The CoreOS bus and crew at GopherCon, a conference for developers who use Go, the language etcd was written in. (Photo: CoreOS)

The CoreOS bus and crew at GopherCon, a conference for developers who use Go, the language etcd was written in. (Photo: CoreOS)

DigitalOcean Adds Native CoreOS Support

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CoreOS, the Linux distribution for massive scale-out server deployments created by the eponymous San Francisco-based startup, is now available as an option on DigitalOcean, one of the most popular cloud infrastructure providers among software developers.

CoreOS will be one of the image types a developer can launch on DigitalOcean, which until now has supported Ubuntu, CentOS, Debian and Fedora distros, Ubuntu being the most popular of the Linux distros.

The strength of CoreOS is in the way it ensures configuration consistency among servers in a cluster. In addition to the OS distribution, the startup provides a variety of tools around it, aiming to eventually offer a complete package of software that will enable companies to stand up highly resilient distributed compute infrastructure pioneered by web-scale companies such as Facebook, Google and Twitter.

One of the most important CoreOS capabilities is management of Docker application containers, which make applications scalable and portable across different environments. This and other CoreOS functionality is now accessible on DigitalOcean.

The integration is a big deal for CoreOS because of the sheer popularity of the cloud provider among the startup’s target customers. “DigitalOcean is probably the developer cloud in a way,” Alex Polvi, CEO and founder of CoreOS, said.

A few users have thought of a workaround using Ubuntu to run CoreOS on DigitalOcean in the past, but the hack is a far cry from native integration, Polvi said.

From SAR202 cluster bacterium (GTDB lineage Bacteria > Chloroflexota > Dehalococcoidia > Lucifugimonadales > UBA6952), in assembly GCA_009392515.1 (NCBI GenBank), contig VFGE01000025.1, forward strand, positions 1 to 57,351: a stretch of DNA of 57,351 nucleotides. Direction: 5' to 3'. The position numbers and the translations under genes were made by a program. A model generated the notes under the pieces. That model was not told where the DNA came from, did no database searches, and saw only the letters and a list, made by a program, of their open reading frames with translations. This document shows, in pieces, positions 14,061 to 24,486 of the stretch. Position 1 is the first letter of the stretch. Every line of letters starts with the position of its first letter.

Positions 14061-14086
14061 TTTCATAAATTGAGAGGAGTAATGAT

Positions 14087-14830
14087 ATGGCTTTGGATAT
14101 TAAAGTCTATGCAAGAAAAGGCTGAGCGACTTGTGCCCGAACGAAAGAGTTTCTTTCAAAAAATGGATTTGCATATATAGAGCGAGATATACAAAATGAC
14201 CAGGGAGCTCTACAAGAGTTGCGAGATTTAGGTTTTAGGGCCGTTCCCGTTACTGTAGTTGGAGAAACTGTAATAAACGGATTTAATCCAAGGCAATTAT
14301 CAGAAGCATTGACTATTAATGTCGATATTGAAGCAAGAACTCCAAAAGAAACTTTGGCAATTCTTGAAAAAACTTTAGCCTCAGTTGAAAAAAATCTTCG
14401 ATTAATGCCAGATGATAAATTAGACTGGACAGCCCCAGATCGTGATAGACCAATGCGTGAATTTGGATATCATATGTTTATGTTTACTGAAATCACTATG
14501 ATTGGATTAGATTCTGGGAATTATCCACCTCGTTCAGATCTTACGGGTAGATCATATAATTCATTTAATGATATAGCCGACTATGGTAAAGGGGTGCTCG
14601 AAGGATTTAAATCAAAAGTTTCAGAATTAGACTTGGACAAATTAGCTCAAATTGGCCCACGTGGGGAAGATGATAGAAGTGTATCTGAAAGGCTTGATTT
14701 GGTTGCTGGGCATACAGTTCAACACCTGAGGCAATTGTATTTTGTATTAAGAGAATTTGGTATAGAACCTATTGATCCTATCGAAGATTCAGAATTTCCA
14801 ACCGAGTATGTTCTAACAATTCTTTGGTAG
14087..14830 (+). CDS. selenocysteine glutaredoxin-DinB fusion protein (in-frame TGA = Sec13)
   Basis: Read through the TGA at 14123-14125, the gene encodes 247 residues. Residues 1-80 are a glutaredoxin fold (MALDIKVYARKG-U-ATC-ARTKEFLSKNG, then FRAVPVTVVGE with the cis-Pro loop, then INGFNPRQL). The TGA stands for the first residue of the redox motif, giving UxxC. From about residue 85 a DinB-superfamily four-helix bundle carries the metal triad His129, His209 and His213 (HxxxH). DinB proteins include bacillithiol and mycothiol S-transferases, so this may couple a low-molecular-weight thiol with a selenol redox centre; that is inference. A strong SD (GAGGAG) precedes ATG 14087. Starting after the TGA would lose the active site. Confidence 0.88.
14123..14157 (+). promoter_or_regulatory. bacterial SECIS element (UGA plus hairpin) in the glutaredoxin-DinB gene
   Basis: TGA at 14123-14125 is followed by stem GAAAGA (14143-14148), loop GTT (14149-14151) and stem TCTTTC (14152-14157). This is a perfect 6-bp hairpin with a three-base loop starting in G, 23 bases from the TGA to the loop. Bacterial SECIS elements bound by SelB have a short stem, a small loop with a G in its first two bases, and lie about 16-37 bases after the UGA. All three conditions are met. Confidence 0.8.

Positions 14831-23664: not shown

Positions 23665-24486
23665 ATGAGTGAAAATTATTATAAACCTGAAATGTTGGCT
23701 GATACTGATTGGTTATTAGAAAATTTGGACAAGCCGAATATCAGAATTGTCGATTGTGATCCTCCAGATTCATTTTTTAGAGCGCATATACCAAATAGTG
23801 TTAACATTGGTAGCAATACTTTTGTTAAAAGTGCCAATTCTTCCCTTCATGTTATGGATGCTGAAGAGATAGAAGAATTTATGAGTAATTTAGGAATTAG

“Some developers figured out some hacks,” he said. “But it was not really CoreOS.”

Tight integration between CoreOS and DigitalOcean was not a technological walk in the park. The way CoreOS is laid out, the way it boots and updates is all very novel, so it took a lot of work by the two companies’ engineering teams to implement the feature.

“We did work through a lot of things together,” Polvi said. “It wasn’t a trivial implementation by any means.”

Mitch Wainer, DigitalOcean co-founder and chief marketing officer, said native support for CoreOS was one of the most requested features by its users ever. The provider decides which features to add using a customer voting system.

An average number of votes a typical feature receives is a few hundred, Wainer said. More than 2,000 people voted for adding native support for CoreOS.

That level of popular demand is comparable to major changes like additional storage, support for Windows or adding data centers in Australia and Brazil.

DigitalOcean has data centers (and cloud regions) in Amsterdam, London, Singapore, New York and San Francisco, and CoreOS will be available in all five regions, Wainer said.

The provider uses Equinix data centers in Singapore, London and Amsterdam, another Amsterdam facility operated by Telecity and Telx data centers in New York and San Francisco.

DigitalOcean raised $37.2 million in an Andreessen Horowitz-led Series A funding round in March and has been expanding data center capacity this year. It added the Singapore region in February and the London region in July.

About the Author

San Francisco-based business and technology journalist. Editor in chief at Data Center Knowledge, covering the global data center industry.

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